R3,999 is a lot of money to ask for a gaming headset even with the Razer brand behind it. The Razer Blackshark v2 Pro might be feature-packed but every time I put it one and loved it, I had to remember this experience would set me back R3,999 should I ever decide to buy one. So what makes the Razer Blackshark v2 Pro so expensive and does the price warrant the experience? Yes and no. For the most part, the headset’s performance is great. This is across both wired and wireless modes. It is extremely comfortable too and packs a pretty impressive microphone.
Razer Blackshark v2 Pro Tech Specs
- Frequency Response: 12 Hz – 28 KHz
- Impedance: 32 Ω (1 kHz)
- Sensitivity: 100 dBSPL/mW, 1 kHz
- Driver Size: 50mm
- Weight: 320 grams
- Battery Life: up to 24 hours
- Removable Razer HyperClear Supercardioid Mic
- Advanced mic control features
- Ultra-soft FlowKnit memory foam ear cushions
- Removable Razer SpeedFlex Cable
- THX Spatial Audio
- Connectivity – Razer™ HyperSpeed Wireless Technology (2.4GHz) + 3.5mm jack
There’s no doubt the Razer Blackshark v2 Pro is a high-end gaming headset with some pretty impressive tech built into it. It is identical to the fantastic Blackshark V2 headset but with its own wireless features. This means the design follows the wired headset and includes much of the lightweight design, comfort and versatility. The earcups are attached to the headband with a thin but sturdy wire. The headband packs a breathable memory foam cushion that not only helps with the cooling but also allows for a longer game time before the headset starts to feel heavy. It is also wrapped in faux leather on the top which adds to the premium feel.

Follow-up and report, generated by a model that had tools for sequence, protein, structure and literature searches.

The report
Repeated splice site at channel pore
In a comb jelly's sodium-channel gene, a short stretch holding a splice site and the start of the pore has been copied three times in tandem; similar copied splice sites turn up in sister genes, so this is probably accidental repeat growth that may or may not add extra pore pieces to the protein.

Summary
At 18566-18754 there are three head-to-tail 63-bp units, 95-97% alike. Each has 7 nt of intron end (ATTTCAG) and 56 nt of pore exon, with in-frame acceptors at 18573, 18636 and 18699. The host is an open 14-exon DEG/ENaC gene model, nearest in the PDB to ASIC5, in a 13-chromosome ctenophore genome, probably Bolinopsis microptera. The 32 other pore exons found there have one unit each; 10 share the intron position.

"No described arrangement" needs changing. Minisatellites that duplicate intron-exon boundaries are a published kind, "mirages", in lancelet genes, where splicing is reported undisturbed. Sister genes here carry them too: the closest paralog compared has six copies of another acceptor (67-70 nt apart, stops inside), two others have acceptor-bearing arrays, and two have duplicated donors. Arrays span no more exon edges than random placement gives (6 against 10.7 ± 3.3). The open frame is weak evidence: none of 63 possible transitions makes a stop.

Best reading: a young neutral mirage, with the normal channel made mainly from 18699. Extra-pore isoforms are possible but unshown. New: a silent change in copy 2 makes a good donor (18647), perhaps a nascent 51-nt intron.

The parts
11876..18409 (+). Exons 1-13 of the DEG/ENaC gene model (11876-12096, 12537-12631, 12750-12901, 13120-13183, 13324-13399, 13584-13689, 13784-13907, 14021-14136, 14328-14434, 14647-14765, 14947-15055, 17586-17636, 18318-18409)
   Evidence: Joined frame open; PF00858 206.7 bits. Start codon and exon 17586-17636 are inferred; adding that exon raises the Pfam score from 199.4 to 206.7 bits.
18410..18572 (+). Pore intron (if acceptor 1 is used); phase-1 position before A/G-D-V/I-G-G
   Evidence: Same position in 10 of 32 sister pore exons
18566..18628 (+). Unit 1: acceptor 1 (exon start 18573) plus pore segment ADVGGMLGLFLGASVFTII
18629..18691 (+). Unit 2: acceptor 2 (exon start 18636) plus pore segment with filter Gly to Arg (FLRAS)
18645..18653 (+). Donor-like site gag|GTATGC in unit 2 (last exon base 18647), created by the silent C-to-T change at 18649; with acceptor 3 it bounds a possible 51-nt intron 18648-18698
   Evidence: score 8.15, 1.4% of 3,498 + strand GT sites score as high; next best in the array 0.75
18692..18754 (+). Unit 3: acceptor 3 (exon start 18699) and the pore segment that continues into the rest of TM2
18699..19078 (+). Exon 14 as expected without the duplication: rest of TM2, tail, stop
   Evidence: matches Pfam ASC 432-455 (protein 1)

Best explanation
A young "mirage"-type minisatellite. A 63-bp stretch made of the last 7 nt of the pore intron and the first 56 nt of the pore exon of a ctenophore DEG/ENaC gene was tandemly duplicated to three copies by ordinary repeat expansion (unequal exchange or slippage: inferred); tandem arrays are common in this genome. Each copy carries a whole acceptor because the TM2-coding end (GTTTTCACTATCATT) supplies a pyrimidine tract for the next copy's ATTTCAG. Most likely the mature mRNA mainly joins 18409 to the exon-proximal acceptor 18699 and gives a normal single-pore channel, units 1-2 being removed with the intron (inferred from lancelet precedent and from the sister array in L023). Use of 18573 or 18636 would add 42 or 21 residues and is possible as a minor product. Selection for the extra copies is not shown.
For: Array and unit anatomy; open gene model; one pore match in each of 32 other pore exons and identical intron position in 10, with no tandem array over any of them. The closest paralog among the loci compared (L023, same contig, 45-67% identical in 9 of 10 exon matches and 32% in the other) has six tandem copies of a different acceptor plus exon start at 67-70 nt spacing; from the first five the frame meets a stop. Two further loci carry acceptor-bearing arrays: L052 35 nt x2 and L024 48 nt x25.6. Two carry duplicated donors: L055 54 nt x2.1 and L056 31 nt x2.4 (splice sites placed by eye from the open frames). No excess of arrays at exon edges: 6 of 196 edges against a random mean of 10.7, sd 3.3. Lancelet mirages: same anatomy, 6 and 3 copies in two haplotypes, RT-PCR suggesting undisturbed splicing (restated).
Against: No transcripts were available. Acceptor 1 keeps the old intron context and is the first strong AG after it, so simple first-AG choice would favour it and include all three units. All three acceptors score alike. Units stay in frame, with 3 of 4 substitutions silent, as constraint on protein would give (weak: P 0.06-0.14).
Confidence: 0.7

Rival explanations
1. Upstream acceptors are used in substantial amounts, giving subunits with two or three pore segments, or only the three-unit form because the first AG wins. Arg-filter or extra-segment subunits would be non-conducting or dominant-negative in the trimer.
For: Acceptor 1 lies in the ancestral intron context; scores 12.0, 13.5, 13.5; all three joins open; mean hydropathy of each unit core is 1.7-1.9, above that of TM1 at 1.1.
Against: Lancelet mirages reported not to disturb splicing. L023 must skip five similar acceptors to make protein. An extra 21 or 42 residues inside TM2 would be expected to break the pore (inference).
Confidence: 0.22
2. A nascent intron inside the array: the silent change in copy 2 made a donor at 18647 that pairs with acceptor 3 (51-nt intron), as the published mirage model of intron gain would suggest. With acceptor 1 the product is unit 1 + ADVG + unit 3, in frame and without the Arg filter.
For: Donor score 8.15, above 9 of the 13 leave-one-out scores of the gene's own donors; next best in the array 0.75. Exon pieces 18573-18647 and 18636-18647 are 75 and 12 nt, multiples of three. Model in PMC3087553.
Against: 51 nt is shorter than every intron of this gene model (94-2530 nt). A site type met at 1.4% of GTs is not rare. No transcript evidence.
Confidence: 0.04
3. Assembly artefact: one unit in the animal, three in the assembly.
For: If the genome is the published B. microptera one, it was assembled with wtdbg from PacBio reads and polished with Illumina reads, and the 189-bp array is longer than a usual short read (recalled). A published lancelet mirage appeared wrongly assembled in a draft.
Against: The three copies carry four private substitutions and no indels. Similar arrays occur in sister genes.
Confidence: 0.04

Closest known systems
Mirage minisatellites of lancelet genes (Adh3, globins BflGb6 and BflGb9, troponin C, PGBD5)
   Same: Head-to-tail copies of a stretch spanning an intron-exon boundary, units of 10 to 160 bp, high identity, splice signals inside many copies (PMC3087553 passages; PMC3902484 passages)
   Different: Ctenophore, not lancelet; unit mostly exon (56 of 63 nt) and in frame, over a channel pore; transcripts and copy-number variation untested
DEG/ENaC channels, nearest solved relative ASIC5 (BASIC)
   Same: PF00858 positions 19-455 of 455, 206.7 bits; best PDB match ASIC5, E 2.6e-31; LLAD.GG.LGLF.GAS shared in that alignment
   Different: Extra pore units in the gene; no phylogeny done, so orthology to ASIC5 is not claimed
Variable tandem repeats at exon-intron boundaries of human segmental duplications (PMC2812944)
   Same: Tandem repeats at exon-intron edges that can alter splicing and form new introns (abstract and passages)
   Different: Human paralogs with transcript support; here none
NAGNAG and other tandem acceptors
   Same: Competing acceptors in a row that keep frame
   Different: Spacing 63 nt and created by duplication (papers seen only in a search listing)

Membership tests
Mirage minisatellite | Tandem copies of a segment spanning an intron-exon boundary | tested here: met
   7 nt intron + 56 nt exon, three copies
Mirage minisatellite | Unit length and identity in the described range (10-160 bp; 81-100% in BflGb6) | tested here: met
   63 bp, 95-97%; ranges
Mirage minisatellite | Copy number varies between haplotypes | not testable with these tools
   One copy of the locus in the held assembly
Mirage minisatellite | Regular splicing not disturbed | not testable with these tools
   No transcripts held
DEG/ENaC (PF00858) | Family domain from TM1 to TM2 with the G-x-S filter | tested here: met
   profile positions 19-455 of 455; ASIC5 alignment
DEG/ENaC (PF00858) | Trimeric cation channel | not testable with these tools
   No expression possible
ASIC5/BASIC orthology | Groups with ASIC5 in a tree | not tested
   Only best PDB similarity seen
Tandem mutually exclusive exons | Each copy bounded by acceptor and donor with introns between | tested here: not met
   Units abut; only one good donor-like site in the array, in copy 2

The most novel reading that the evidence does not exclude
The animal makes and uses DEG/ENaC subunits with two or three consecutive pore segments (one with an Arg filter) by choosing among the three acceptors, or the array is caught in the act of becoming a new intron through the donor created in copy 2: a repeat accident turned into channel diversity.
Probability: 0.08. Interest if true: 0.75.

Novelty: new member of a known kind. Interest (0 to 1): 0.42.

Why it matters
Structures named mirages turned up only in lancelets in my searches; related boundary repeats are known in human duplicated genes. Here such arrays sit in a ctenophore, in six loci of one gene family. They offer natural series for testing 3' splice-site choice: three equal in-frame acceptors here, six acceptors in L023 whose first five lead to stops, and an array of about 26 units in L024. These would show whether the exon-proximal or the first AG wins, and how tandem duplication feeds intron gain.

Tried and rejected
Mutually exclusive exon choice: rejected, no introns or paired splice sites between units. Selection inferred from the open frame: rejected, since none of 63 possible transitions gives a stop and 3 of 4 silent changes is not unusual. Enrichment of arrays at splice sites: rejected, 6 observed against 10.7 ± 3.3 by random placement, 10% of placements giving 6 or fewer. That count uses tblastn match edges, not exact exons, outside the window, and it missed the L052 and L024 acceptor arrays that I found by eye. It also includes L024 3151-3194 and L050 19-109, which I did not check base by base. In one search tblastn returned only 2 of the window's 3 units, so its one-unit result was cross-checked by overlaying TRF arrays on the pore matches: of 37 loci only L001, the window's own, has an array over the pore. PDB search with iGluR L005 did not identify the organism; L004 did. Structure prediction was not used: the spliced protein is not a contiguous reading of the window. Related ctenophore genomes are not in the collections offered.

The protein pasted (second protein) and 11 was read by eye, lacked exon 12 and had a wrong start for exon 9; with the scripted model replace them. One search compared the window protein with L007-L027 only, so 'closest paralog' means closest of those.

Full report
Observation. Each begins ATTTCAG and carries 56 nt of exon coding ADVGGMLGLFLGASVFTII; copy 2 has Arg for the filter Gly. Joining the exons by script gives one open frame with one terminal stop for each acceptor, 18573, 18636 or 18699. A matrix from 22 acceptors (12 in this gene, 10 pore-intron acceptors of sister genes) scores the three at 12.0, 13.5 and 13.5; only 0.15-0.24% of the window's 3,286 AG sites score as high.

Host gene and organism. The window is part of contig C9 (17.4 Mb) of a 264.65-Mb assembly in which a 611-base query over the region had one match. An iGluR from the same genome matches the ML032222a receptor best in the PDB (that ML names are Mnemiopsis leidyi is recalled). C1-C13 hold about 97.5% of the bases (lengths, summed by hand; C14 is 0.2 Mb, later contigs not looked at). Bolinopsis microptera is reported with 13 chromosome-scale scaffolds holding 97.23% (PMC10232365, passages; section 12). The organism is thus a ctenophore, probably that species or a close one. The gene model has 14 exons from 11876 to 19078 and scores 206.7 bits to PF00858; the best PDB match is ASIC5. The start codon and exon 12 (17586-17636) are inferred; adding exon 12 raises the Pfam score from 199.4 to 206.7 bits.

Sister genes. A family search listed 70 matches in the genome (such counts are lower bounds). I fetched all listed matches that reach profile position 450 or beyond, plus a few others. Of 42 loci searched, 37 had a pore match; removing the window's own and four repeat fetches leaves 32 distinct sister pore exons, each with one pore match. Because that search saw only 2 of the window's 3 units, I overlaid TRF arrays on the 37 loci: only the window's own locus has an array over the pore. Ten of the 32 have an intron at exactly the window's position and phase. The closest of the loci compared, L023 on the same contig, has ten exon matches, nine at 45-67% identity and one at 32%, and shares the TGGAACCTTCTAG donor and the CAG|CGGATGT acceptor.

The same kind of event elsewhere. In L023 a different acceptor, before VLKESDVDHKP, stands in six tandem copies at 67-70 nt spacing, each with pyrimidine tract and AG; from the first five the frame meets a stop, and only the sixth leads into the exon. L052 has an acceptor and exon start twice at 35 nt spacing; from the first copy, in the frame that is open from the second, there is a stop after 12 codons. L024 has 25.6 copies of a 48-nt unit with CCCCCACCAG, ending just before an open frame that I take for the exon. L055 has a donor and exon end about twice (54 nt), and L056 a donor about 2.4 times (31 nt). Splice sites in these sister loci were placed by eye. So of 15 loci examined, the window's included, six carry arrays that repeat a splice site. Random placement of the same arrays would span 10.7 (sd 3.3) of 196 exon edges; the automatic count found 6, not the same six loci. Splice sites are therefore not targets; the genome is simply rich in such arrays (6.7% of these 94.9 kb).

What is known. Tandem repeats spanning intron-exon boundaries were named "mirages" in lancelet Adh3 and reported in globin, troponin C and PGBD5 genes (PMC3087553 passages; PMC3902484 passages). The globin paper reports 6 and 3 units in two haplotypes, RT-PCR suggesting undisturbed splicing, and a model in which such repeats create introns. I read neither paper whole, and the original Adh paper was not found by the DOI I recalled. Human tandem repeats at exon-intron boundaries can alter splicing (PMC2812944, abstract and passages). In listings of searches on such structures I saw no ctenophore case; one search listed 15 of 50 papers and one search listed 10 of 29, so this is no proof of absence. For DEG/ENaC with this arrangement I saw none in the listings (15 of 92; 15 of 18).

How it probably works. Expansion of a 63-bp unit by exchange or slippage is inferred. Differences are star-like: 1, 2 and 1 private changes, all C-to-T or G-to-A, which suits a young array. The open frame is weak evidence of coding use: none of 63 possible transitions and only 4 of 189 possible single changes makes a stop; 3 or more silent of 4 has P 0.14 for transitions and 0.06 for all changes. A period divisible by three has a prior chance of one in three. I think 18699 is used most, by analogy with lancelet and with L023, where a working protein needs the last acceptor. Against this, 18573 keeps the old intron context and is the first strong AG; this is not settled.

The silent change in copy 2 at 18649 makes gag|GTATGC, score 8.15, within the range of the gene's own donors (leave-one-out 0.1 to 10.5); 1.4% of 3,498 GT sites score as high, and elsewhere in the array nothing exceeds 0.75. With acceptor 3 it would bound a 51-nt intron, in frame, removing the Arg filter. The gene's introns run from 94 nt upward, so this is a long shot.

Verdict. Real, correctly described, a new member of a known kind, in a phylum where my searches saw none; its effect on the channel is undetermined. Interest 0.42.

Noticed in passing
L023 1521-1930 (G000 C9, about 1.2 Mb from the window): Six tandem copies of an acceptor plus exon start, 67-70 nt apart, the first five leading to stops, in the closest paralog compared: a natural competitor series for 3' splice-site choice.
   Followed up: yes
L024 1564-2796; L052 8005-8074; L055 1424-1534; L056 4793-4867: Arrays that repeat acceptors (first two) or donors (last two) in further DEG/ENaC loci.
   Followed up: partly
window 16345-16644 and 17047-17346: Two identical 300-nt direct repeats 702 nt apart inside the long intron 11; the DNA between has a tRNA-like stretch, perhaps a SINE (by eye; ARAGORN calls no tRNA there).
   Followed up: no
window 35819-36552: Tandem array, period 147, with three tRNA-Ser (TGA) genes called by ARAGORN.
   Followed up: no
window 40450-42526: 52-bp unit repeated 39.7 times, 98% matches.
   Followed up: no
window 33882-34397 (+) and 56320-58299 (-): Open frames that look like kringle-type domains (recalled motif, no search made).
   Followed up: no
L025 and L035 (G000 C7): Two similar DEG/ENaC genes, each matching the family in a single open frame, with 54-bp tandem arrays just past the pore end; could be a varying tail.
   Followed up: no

On the left-hand earcup, there’s a large knob that sticks out of the side. This is used for volume. The mute button also feels nice to press in and out and includes the iconic Razer green on it to indicate when you have muted the mic. Then there’s an audio jack for when you are forced to use it or want to use it. More on that later. We also have a removable microphone which is a godsend for this device, especially when playing games alone. Lastly, we have the micro USB charging port to recharge the battery for wireless use. I would have preferred a Type-C port here, to be honest. It is 2020 and mostly everyone who games has adapted to the Type C life by now. This port just makes the headset feel a bit dated.